2017 Seven to Save Profile: Grafton Center Meetinghouse

It’s impossible to drive through Grafton on US Route 4 and not notice this burned-out shell of a former meetinghouse. Fraying tarps attempt to keep the elements out from the interior’s chestnut pews and paneling. Purple paint, rainbow fences, vinyl siding, and a fiberglass spire all speak to how various congregations have used the 1797 building, which stands prominently at the head of Grafton Center’s common.

Some history: the meetinghouse was constructed by Congregationalists who didn’t want to use the existing meetinghouse in town, co-built by the Baptists. After the passage of the Toleration Act of 1819, which separated church and state, the town and church finally divided the floors of the building. The church took the second floor and added a bell tower, while town business occurred on the first floor. This relationship remained until 1963, when the meetinghouse became the sole property of the church. In 2010, the church was sold into private ownership, whereupon it became home to the Peaceful Assembly Church. Following a property tax dispute with the town, the building sustained severe fire damage in January 2016. The fire claimed the life of the resident minister, John Connell.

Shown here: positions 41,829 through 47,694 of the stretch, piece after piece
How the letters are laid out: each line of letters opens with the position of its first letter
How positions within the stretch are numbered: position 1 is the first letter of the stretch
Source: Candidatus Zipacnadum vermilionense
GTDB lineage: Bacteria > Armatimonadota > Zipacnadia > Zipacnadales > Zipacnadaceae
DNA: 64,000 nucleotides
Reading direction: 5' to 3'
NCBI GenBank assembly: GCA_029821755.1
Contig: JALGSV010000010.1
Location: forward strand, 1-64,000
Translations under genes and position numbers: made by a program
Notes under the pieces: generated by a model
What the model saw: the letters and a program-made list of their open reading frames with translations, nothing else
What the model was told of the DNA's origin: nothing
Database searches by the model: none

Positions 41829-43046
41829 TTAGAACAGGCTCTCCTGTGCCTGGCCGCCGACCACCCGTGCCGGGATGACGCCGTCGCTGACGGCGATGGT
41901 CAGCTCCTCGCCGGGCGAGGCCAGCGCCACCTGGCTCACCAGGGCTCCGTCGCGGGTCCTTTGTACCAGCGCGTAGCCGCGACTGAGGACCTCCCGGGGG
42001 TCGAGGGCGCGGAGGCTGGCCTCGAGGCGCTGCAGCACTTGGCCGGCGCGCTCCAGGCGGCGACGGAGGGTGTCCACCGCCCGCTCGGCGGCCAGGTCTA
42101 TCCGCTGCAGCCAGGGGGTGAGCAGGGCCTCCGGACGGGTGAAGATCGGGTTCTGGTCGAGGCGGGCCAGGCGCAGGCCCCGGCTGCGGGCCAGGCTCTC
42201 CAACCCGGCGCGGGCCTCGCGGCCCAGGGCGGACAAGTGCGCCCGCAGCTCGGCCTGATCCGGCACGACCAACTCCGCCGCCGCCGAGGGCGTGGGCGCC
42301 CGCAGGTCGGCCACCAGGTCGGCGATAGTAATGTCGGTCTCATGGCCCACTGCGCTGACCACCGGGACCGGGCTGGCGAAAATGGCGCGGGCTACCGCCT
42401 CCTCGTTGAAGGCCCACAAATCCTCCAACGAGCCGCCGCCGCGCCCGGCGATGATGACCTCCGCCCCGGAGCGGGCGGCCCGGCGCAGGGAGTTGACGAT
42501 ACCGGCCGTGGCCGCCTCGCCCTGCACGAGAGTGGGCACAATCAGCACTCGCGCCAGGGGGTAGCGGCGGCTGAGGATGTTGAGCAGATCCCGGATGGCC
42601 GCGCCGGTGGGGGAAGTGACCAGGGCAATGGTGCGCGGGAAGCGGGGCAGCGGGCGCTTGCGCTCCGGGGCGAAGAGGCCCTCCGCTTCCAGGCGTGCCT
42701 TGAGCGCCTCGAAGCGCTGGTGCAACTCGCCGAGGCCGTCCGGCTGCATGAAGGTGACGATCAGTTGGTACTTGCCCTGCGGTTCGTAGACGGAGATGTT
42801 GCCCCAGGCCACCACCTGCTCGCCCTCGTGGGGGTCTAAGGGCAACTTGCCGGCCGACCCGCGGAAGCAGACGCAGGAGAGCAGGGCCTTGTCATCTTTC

Graftonites feared that after the fire, the building would be demolished and the town would lose its meetinghouse. Fortunately, thanks to the efforts of volunteer fire departments and the building’s massive timber frame structure, the building still stands and can be restored. This is great news to a town of 1,200. It’s easy to see how its loss would be catastrophic to the identity of Grafton and to the generations of Graftonites who have voted, worshiped, married, and mourned the passing of loved ones here. 

The property is privately owned and the daunting rehabilitation project requires immediate structural stabilization and weatherization. Saving the meetinghouse will take a lot of patience, money, community buy-in, and…money. But those in Grafton know it’s worth it. 

For more information, contact the Preservation Alliance at 224-2281.